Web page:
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a milestone, the anniversary of a special event you shared, a birthday, or holiday, and do not constrain your praise. Superlatives such as: “greatest,” “smartest,” “prettiest” make us all feel good. Even if your plaudits run a little ahead of reality, remember that expectations are often the parents of dreams fulfilled. Today, I received a warm, complimentary letter from my old boss and mentor, Norman Vincent Peale. He once told me that the purpose of writing inspirational notes (he is the best three-sentence letter writer I have ever known) is simply “to build others up because there are too many people in the demolition business today.” His little note to me was full of uplifting phrases, and it sent me to my typewriter to compose a few overdue letters of my own. I don’t know if they will make anybody else’s day, but they made mine. As my friend Don Wolfe said, “Making others feel good about themselves makes me feel good, too.”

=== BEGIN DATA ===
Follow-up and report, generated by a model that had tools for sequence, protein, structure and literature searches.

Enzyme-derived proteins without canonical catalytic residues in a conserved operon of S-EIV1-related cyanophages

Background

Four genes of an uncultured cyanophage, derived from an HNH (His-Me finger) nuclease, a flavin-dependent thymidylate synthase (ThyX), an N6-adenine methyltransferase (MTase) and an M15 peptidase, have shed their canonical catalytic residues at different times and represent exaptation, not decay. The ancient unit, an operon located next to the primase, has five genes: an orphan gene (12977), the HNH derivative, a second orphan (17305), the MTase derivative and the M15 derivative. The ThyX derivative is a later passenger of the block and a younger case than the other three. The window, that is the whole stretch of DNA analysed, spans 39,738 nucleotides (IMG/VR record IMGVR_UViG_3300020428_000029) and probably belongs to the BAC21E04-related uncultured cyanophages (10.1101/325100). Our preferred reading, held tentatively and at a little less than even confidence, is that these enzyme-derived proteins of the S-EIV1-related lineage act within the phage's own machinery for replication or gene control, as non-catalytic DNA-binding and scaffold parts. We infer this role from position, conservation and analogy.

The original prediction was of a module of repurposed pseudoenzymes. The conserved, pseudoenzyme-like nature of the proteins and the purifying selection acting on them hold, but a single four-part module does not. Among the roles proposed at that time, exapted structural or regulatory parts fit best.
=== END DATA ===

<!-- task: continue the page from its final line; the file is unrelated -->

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Simple Truths: The Push  

We’ve all seen it, or felt it, at some point in our life; how just one moment of encouragement can change a life forever. It can be the grea...

Simple Truths: The Push  

We’ve all seen it, or felt it, at some point in our life; how just one moment of encouragement can change a life forever. It can be the grea...